Convenient ethics is no ethics. UT astronomy Professor John Lacy chooses the viability of the planet over funded astronomy, choosing a less convenient path in service of the greater good.
I think he’s right in this particular case, but it’s easy to make such decisions for others.
Should this show go on?
Generally, when should we make omelettes and when should we refrain from breaking any eggs? That is, how should we judge the importance of activities that have other benefits against environmental impacts? Absolutism won’t work; a prescription for misery won’t get much traction in practice.
Still, it’s worth appreciating that there are still people who put the general interest above their own personal advancement. On a related note, check this out:
The question, in effect, is What are we to make of evidence suggesting that material self-interest is a powerful force in people’s lives? The thesis of the article is that this evidence is inherently ambiguous because the ideology of self- interest, widely celebrated in individualistic cultures, functions as a powerful self-fulfilling force. The assumption of self-interest contributes to its own confirmation in at least two ways. First, individualistic cultures structure their social institutions to reflect their belief that people are naturally disposed to pursue their self-interest, which results in these institutions fostering the very behavior their structure presupposes occurs naturally ( Lerner, 1982 ; Schwartz, 1997 ). Second, as argued here, individualistic cultures spawn social norms that induce people to follow their material self-interest rather than their principles or passions, whether the latter be noble or ignoble. Stated more boldly, people act and sound as though they are strongly motivated by their material self-interest because scientific theories and collective representations derived from those theories convince them that it is natural and normal to do so. As Kagan (1989 ) observed, “People treat self-interest as a natural law and because they believe they should not violate a natural law, they try to obey it”.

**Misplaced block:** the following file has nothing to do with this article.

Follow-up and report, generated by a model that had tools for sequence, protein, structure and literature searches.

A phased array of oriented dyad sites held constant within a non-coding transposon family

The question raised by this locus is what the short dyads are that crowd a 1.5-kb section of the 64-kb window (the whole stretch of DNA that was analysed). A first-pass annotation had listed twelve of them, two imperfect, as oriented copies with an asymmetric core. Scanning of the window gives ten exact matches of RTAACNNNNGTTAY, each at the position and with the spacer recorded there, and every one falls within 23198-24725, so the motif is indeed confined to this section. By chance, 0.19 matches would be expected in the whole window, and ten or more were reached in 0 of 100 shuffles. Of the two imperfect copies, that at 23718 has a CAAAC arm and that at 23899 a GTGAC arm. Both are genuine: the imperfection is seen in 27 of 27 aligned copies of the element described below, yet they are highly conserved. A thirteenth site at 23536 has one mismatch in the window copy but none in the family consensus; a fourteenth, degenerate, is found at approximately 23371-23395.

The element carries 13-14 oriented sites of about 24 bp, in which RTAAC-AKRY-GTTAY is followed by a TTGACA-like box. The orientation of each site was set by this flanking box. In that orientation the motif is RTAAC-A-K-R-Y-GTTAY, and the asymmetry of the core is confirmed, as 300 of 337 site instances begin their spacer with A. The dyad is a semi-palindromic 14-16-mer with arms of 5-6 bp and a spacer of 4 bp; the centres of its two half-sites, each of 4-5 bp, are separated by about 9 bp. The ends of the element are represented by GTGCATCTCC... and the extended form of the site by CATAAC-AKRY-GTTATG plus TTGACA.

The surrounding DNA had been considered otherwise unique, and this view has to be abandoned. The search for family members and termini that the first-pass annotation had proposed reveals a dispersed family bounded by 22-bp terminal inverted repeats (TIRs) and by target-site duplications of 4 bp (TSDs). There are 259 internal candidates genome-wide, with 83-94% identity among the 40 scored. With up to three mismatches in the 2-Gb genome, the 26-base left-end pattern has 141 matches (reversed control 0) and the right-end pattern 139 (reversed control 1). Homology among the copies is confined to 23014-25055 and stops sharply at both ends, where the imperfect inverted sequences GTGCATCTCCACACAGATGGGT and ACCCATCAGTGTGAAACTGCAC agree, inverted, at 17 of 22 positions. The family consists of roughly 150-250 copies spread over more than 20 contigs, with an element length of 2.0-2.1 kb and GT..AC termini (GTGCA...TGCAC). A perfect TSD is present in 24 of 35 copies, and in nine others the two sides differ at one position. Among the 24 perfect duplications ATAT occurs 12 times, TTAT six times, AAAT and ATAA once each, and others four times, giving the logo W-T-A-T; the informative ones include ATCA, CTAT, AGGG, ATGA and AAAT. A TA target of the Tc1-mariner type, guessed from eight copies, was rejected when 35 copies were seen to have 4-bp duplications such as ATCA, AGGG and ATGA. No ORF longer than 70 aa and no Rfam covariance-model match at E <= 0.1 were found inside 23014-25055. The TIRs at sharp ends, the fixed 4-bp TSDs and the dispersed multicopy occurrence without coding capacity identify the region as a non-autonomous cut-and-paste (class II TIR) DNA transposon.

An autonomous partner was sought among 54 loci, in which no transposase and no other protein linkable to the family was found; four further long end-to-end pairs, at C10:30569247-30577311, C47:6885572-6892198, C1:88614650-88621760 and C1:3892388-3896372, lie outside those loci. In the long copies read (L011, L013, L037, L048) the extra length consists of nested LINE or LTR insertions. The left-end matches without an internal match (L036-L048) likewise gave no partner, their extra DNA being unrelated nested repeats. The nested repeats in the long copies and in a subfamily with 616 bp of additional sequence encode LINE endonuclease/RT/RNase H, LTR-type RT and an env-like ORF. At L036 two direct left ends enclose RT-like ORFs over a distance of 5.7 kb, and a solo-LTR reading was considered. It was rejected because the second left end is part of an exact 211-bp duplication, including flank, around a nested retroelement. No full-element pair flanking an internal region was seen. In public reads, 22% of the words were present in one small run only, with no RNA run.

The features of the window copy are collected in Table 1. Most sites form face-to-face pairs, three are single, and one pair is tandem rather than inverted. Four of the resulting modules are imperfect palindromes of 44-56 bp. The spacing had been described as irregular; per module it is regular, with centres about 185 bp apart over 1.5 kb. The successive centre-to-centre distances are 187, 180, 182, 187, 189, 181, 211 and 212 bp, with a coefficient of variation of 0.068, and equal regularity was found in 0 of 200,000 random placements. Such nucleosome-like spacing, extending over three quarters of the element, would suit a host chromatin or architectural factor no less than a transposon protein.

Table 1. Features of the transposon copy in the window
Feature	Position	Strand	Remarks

Evidence that material self-interest is powerful, therefore, may speak more to the power of social norms than to the power of innate proclivities. Interpreting the presence of self-interested behavior to suggest that self-interest is inevitable and universal rather than historically and culturally contingent only serves to strengthen the layperson’s belief that pursuing self-interest is normatively appropriate, rational, and enlightened. The result of this is a positive feedback loop: The more powerful the norm of self- interest, the more evidence there is for the theory of self- interest, which, in turn, increases the power of the self-interest norm ( Schwartz, 1997 ). None of this is to say that self-interest, even narrowly defined, is an insubstantial force in human affairs. But, however strong the disposition to pursue material self- interest may be, it is likely not as strong as the prevalence of self-interested behavior in everyday life suggests. Homo economicus, it should not be forgotten, inhabits a social world.
This is why it appears bizarre and even rude for me to call into question, in the title of my blog, that I might be operating from some other values in addition to pure self interest. It seems that altruism is something best performed privately and in secrecy. It’s simply been out of fashion of late.